Republicans Are Trying to Get 127 Democrats Thrown Off the Ballot in One of Texas’ Biggest Counties

Dallas County Republicans are using a technicality to try to disqualify Dems before the primary.

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In what Democrats call Republicans’ latest attempt to stymie a potential blue wave in Texas, the Dallas County Republican Party is trying to keep more than 120 Democratic contenders from making it onto the November ballot.

In a lawsuit filed in January—and currently stalled thanks to a tiff over the judge assigned to the case—Republicans argue the Dallas County Democratic Party chair properly authorized only a fraction of the party’s 150 primary candidates. Republicans have asked that 127 candidates be thrown off the March 6 primary ballot, and the Dallas County GOP has amended its suit to apply to the November general election because absentee ballots for the primary had already been mailed by the lawsuit’s filing date. Early voting for the primary began February 20.

The suit already has wreaked havoc for some candidates, who found out via an email from their party that their races were in limbo. “This is my life—running for office—and to know it could be in jeopardy for some technicality or some arbitrary interpretation was ridiculous,” said Ana Maria Ramos, a community college professor running for Texas House District 102. “It was just appalling.”

Republicans say they are simply trying to ensure Democrats follow the letter of the law. Not doing so compromises elections, said Elizabeth Alvarez-Bingham, counsel for the Dallas County Republican Party.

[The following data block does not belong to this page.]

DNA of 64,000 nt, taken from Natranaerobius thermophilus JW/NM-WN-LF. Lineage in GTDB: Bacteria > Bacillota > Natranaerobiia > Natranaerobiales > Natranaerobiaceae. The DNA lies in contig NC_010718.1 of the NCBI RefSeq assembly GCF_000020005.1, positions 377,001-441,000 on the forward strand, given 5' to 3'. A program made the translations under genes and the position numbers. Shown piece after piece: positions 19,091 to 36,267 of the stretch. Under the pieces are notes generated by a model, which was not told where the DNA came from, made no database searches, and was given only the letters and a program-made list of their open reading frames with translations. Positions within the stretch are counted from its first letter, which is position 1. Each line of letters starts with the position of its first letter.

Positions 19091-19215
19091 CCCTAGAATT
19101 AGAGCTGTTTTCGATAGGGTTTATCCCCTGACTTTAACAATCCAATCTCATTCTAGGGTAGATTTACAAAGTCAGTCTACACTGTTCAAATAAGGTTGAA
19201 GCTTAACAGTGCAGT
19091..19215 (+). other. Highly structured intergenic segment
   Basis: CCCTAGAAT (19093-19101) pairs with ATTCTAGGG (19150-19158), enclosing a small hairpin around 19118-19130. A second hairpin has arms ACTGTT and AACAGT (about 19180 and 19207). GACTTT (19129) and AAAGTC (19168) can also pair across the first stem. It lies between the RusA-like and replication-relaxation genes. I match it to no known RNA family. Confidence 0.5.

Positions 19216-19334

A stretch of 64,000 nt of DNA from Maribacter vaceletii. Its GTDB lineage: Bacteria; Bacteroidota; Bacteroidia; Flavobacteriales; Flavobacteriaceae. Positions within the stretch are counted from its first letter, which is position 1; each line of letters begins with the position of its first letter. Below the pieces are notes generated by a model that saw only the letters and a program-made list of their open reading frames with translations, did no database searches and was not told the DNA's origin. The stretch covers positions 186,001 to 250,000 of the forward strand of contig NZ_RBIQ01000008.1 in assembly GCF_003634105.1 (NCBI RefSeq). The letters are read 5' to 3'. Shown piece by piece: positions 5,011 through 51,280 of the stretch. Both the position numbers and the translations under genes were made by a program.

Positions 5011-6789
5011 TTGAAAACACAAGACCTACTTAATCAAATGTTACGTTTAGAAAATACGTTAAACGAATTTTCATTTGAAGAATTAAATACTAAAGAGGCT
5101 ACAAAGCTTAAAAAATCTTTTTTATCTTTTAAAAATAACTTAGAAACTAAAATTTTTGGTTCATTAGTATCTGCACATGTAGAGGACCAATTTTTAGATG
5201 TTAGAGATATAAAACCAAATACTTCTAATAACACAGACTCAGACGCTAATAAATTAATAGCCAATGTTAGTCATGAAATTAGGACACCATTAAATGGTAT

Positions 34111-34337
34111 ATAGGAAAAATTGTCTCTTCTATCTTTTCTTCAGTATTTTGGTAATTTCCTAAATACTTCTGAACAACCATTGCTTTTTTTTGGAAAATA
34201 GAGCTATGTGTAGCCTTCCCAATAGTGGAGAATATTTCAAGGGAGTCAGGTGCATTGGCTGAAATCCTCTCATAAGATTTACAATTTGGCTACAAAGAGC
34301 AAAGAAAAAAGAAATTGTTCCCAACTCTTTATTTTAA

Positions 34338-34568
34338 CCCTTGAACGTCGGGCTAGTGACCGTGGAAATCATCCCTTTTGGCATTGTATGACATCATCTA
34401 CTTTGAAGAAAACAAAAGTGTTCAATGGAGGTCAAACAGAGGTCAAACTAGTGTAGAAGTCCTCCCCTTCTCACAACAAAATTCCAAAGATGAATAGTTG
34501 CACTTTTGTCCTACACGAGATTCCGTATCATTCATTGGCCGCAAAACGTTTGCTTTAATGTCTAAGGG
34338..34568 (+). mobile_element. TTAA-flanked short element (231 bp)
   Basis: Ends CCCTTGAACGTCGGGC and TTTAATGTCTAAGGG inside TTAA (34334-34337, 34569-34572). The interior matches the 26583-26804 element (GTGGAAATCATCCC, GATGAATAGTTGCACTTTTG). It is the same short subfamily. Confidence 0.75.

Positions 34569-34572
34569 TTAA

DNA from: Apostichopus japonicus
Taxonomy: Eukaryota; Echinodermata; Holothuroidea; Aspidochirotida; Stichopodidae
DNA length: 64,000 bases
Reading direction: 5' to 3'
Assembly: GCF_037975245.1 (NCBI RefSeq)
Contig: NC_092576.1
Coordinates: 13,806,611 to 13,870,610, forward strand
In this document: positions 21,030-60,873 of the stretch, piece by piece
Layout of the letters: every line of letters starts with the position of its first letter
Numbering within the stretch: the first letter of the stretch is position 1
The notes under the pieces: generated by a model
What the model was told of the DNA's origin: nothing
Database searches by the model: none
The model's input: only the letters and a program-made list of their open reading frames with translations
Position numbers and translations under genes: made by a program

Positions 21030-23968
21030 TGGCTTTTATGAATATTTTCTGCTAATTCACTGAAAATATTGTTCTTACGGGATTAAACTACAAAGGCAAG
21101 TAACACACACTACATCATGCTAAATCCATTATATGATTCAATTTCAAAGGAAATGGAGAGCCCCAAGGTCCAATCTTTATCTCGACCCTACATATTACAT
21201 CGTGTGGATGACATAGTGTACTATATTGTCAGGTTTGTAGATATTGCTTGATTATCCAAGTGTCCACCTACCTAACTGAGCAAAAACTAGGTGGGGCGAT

But Democrats have taken the move as a last-ditch attempt by the GOP to win elections in traditionally blue Dallas County—accusations Alvarez-Bingham fervently denies. The lawsuit comes as Texas Democrats are experiencing high voter turnout statewide and are running more candidates in traditionally red districts. A recent CNN analysis revealed US Senate challenger Beto O’Rourke, a Democrat, has a better chance than anticipated at unseating Ted Cruz.

Experts say the case will most likely end in Democrats’ favor. “This seems like kind of a long shot on the Republicans’ part,” says Theodore Rave, assistant professor of law at the University of Houston Law Center.

Were the judge to rule in the GOP’s favor, however, it could essentially suppress the vote of people of color, who overwhelmingly vote Democratic in the state, said Randy Johnston, the attorney representing the Democratic Party in the case.

“You’re robbing people of the ability of being able to vote in these races, which is effectively muting their political voice,” said Brandon Rottinghaus, a political science professor at the University of Houston.

At the heart of the suit is a provision in Texas election law requiring the county party chairs to review and sign applications for candidates whose entire office is within that single county. (Any office spanning multiple counties goes to the state party chair for a signature.) Johnston acknowledged the chair of the Dallas County Democratic Party, Carol Donovan, did not sign all of the applications and instead asked the executive director of the organization to sign them in her place. Johnston argues that she had the authority to do so; Republicans disagree.

The lawsuit names candidates for Texas’ Senate and House, plus county judge, county commissioner, and justice of the peace seats. Many of those seats in Dallas County typically are held by Democrats.

Democrats asked the judge in January to dismiss the lawsuit. But the suit itself is on hold. Republicans asked for the judge, Eric Moyé, to recuse himself; Moyé is a Democrat and has donated to local and national Democratic candidate campaigns. While he refused to recuse himself in this suit, he did recuse himself for another—albeit smaller-scale—lawsuit related to the upcoming primary, stating he could not be impartial because of the people involved. A hearing to decide whether the judge will continue with the case is set for later this month.

Johnston, the Democrats’ lawyer, says the takeaway of the entire ordeal is simple: For Republicans, “winning at the courthouse can be easier than winning at the ballot box.”

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